This whole thing started about 6 years ago for us.
My nephew is an Army Paratrooper and at the time was in an Airborne unit in Afghanistan. He called me late one night and I don’t think he was having the best day of his life. To give him some hope and something to look forward to I told him I’m going to look for a VW so that when he gets home we can build a 5/1600 car together. Well, I found an old bug and when he got home and E.T.S. from the Army, we started to build the car. I had reached out to Gonzo Racing, another 5/1600 team out of San Diego and befriended them. Over the next 5 years, they answered thousands of questions we had during our build, along with the late Art Savedra, past Score Tech director. Without these guys, Basecamp Off Road would not exist. Here in Upstate New York, people have no idea what the Baja 1000 is, let alone even know how to spell Baja! We didn’t want to buy a car, we really wanted to have a part in building it, so we felt that we earned it. I can’t really explain this thought process to anyone who doesn’t “get it”. Whether we succeed or fail, we built this thing from the ground up and took an immense amount of pride doing it. After a couple of years of researching and building it was time to start forming our team. Basecamp Off Road was born! We all live in the Rochester/Finger Lakes region of New York State where we receive a ton of “lake effect” snowfall so this is why our cars paint scheme is “snow camo”.
Sunday before the 1000
So we got into the country on the Sunday before the 1000. The team would have loved to go down two weeks early and pre-run but due to our professional jobs we just simply could not. We’ve already made contact with Score Tech to have our car teched, since it was a new build, we needed the roll cage tag, etc, so we wanted to allow time in case we had to change anything on it. We also had to meet up with Carlos from Baja Pits and give I’m our spare tires for distribution to the designated pits. We had already picked up our sat phones we rented in San Diego before crossing the border. As you know, and anyone who has not raced before, like a bunch of east coast boys from New York, the logistics of doing something like this, especially from 3000 miles away, is almost a year-round job. It was the middle of last January, snowing sideways with two feet of snow coming down and we are ordering adventure insurance to be able to get medivac back to the US for a race in November! Things like this, contingency planning, take time. Once our car passed tech, we knew we were actually going to start our first Baja 1000!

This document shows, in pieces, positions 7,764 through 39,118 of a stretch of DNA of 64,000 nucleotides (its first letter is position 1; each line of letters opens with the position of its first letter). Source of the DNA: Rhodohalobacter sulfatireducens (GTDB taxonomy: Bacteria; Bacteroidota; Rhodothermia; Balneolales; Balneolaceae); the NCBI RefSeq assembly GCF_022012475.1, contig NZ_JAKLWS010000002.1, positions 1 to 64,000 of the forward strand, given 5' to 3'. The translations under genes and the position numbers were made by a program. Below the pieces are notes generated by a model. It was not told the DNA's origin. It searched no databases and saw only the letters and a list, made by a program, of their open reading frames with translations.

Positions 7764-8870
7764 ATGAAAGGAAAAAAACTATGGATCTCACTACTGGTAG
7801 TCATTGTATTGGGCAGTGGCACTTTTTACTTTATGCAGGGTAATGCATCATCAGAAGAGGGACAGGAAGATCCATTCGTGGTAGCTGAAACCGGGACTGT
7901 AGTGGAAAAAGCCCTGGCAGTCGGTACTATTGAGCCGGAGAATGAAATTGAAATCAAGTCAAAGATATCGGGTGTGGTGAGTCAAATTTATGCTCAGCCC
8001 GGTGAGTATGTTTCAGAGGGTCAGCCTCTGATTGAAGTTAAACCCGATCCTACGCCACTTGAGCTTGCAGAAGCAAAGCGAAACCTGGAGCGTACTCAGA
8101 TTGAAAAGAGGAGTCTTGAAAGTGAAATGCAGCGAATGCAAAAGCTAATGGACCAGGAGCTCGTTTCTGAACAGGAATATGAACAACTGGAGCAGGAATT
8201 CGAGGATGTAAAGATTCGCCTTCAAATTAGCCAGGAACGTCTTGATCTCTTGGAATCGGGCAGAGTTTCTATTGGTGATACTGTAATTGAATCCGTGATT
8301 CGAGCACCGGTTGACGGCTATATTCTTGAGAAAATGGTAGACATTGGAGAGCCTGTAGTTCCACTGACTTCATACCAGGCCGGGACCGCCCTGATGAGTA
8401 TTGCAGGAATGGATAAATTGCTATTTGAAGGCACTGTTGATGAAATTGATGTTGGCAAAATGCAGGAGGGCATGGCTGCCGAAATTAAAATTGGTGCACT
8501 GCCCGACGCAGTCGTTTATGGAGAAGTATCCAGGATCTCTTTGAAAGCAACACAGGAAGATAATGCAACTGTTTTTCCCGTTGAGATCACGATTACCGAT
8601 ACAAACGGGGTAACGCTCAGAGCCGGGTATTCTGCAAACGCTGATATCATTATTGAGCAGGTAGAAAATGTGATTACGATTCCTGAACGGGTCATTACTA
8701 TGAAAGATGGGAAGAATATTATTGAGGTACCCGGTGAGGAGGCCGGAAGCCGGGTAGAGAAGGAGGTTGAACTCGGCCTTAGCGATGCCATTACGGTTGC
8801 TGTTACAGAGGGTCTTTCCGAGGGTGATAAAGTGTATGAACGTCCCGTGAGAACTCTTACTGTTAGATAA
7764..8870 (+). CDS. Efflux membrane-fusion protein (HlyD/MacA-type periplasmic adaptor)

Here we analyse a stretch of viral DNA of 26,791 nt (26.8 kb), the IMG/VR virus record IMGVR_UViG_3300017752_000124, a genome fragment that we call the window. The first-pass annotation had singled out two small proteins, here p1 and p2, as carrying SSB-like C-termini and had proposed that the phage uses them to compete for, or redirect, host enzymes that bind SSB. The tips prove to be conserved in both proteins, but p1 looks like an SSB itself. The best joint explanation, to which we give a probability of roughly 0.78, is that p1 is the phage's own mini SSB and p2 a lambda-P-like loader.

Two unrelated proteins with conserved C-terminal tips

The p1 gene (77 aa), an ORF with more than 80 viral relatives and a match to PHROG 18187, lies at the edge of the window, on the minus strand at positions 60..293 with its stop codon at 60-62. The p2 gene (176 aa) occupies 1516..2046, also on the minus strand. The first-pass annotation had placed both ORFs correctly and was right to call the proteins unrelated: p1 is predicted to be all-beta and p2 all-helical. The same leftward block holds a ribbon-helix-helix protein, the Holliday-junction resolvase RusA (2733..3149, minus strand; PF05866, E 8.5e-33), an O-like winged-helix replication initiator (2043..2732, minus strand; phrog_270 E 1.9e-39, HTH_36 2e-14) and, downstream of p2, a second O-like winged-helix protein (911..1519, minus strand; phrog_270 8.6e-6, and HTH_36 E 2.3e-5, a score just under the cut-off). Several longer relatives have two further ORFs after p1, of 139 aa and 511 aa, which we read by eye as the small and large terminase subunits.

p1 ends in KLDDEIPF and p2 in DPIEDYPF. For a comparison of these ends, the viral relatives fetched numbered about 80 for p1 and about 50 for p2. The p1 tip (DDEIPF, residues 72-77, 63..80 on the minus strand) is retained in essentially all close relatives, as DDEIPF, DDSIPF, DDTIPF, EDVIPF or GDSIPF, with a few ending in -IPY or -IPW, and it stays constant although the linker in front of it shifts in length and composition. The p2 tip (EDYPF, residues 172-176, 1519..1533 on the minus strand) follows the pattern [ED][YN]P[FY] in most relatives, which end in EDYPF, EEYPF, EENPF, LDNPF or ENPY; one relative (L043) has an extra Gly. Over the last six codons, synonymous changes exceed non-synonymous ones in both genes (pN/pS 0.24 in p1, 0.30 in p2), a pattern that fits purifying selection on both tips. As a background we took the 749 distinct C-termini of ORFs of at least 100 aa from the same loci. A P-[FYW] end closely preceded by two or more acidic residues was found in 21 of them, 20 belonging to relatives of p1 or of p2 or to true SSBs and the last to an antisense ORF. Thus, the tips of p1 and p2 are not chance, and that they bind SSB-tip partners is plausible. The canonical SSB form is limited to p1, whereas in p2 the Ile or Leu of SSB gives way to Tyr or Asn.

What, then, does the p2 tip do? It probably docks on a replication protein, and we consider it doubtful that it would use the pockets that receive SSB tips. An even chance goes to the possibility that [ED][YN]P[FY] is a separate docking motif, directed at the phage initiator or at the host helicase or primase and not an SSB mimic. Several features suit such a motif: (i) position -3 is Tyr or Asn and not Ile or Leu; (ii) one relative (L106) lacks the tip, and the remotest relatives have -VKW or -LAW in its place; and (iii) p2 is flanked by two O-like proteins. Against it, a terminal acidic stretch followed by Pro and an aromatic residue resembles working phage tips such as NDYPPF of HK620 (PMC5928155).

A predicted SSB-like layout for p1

La Rosa Hotel Ensenada
We stayed at La Rosa hotel, just up the hill from downtown, where several other teams were also staying. We met one of the Lawrence Equipment team guys, Ian, and strong-armed him into letting me and my co-driver ride along in his pre-runner for a couple of hours the next morning. Me being me, I might have made comments about our 5/1600 car passing their Trophy Truck on Race day, and the fact that we would stop and help them because they let us pre-run with them… something along these lines! We all had a good laugh. Contingency was next for us. For me, being the FNG, I really enjoyed contingency! I know a lot of teams and drivers you’ll hear a gripe about contingency but I really enjoyed it. I remember hearing Cameron Steele saying you have to get in sync with Baja, and for me, this was a way I could start to form a connection with the Mexican people. We allowed kids and adults to sit in our race car, to push it through contingency with us, and we had a great conversation with many locals on where we were from and our journey to the 1000. After returning back to Rochester, when we were looking through our photos, the ones that made us smile the most were the ones of people smiling when they were sitting in our car. This is hard to explain to someone who doesn’t get it, but for that one moment in time, that person forgot about everything bad in this world, and was just happy!